It turned out that for users with high self-esteem, a negative post garnered more responses than a positive one, presumably because those people's friends were concerned about the out-of-character update. For users with low self-esteem, though, negative posts seemed to exhaust friends: They got few responses.

"Indeed, [low-self-esteem users'] friends rewarded their posts with more validation and attention the more positive they were, perhaps trying to encourage this atypical behavior," Forest and her colleagues wrote.

Forgoing Facebook?

The takeaway of all this work is not to dump your Facebook account — the site has its benefits, some psychological. But researchers suggest being mindful about your online social life, just as most people are about friends in the real world.

"You have to be careful," said University of Houston psychologist Linda Acitelli, who advised Nguyen on the social comparison study. "I think parents, especially if they have teenage kids, need to be monitoring how much time they spend on Facebook."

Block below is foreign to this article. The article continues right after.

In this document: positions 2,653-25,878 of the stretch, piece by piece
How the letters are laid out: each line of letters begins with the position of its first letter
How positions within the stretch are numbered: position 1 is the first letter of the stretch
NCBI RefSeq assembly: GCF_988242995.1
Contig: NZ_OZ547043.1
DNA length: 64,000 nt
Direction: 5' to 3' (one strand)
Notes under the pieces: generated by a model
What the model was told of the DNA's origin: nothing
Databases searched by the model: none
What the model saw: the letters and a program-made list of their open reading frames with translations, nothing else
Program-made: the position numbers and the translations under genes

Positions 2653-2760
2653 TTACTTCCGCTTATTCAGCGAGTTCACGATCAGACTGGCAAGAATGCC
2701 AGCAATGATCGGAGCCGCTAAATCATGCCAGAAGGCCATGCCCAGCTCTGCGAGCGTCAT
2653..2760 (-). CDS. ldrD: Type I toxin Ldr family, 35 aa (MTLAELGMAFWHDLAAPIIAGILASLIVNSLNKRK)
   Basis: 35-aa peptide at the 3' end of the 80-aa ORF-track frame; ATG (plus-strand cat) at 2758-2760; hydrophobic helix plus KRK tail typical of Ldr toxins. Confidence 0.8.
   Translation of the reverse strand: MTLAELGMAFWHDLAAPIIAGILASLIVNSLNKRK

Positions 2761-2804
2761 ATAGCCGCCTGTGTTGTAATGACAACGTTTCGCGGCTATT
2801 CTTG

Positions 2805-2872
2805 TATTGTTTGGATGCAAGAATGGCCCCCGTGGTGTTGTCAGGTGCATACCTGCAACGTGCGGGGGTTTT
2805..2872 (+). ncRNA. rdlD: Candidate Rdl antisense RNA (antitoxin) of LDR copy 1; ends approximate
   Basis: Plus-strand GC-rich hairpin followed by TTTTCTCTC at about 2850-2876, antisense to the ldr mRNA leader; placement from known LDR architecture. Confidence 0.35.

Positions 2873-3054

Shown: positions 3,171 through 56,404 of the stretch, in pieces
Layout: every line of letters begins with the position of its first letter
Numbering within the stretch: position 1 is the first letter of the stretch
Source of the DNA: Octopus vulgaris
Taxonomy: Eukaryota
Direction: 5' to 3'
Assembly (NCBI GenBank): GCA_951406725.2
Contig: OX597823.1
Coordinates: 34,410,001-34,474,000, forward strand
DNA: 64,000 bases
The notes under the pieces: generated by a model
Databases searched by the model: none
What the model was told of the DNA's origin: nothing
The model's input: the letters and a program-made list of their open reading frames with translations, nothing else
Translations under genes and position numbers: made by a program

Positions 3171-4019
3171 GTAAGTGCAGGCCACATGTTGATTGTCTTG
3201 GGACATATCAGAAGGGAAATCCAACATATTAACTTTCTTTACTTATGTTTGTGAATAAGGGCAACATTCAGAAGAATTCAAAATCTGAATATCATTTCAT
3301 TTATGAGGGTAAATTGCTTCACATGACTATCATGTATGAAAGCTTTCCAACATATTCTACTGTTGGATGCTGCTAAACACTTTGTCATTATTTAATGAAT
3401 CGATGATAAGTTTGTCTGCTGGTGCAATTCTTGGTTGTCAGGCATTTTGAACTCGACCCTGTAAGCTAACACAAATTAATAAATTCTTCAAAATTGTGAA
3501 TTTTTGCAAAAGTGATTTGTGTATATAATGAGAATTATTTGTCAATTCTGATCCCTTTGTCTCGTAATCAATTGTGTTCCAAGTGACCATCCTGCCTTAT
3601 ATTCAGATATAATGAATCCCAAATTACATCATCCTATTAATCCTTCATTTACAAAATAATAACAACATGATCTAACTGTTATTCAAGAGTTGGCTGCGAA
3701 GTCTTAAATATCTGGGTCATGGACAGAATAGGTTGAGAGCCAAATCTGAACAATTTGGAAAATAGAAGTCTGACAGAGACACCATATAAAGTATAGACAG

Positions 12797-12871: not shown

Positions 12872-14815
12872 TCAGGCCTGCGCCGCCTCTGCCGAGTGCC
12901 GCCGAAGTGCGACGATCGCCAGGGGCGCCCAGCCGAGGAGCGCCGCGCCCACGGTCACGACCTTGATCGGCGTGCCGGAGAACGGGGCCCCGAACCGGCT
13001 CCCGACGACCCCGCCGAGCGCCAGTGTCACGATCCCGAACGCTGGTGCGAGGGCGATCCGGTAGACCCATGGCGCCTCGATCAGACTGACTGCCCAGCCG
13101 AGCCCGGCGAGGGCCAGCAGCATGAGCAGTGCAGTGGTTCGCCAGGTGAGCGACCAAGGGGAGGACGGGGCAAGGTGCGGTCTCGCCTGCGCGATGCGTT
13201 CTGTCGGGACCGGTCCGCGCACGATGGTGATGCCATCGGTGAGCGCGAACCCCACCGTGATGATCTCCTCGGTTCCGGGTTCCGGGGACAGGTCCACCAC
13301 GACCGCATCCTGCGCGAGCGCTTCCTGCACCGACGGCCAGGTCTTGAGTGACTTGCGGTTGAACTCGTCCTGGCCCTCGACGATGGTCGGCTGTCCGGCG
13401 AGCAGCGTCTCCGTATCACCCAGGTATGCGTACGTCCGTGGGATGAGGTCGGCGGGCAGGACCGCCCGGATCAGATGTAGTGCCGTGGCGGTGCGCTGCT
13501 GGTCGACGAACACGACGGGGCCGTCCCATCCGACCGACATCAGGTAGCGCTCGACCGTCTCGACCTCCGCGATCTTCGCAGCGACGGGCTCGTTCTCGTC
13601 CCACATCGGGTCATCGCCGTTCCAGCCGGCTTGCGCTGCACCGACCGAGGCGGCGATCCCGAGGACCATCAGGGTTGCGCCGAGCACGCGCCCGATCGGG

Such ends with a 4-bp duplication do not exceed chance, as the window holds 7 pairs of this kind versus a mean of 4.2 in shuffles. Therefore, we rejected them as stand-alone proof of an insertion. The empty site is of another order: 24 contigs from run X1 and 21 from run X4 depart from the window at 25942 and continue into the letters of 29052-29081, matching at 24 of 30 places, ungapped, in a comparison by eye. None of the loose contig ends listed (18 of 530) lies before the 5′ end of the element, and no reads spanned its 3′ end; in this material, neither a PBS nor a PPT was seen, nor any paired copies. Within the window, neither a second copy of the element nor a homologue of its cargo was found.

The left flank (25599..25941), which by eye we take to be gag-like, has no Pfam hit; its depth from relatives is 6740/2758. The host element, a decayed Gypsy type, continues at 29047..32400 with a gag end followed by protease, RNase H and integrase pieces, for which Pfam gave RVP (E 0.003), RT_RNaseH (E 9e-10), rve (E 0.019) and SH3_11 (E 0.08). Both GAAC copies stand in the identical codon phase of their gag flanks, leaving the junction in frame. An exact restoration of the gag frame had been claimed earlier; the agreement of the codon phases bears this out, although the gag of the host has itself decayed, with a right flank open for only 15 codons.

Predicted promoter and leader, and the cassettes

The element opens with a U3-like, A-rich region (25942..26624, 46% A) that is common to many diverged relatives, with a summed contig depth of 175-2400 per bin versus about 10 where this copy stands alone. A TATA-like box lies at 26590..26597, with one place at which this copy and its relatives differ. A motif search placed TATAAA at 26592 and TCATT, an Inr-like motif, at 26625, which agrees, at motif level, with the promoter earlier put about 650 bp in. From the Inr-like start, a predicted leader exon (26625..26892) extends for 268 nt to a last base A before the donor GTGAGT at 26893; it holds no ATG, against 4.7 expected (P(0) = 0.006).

Because Facebook provides more opportunities to peer into others' lives, it helps to keep Facebook pitfalls in mind, according to the Instituto de Empresa's Mukesh. She found that reminding people in the moment of what they already know ­— that people brag on Facebook — can ease the self-recriminations that come with hearing about friends' accomplishments.

"At the end of the day, have more friends, there's no problem with that. Just be sure to remember that when you start feeling crappy about your life, think about the fact that you have a large number of friends and that increases your probability of viewing more ostentatious information," Mukesh said. "So, it's not you, it's them."

You can follow LiveScience senior writer Stephanie Pappas on Twitter @sipappas. Follow LiveScience for the latest in science news and discoveries on Twitter @livescience and on Facebook.

Stephanie Pappas
Live Science Contributor

Stephanie Pappas is a contributing writer for Live Science, covering topics ranging from geoscience to archaeology to the human brain and behavior. She was previously a senior writer for Live Science but is now a freelancer based in Denver, Colorado, and regularly contributes to Scientific American and The Monitor, the monthly magazine of the American Psychological Association. Stephanie received a bachelor's degree in psychology from the University of South Carolina and a graduate certificate in science communication from the University of California, Santa Cruz.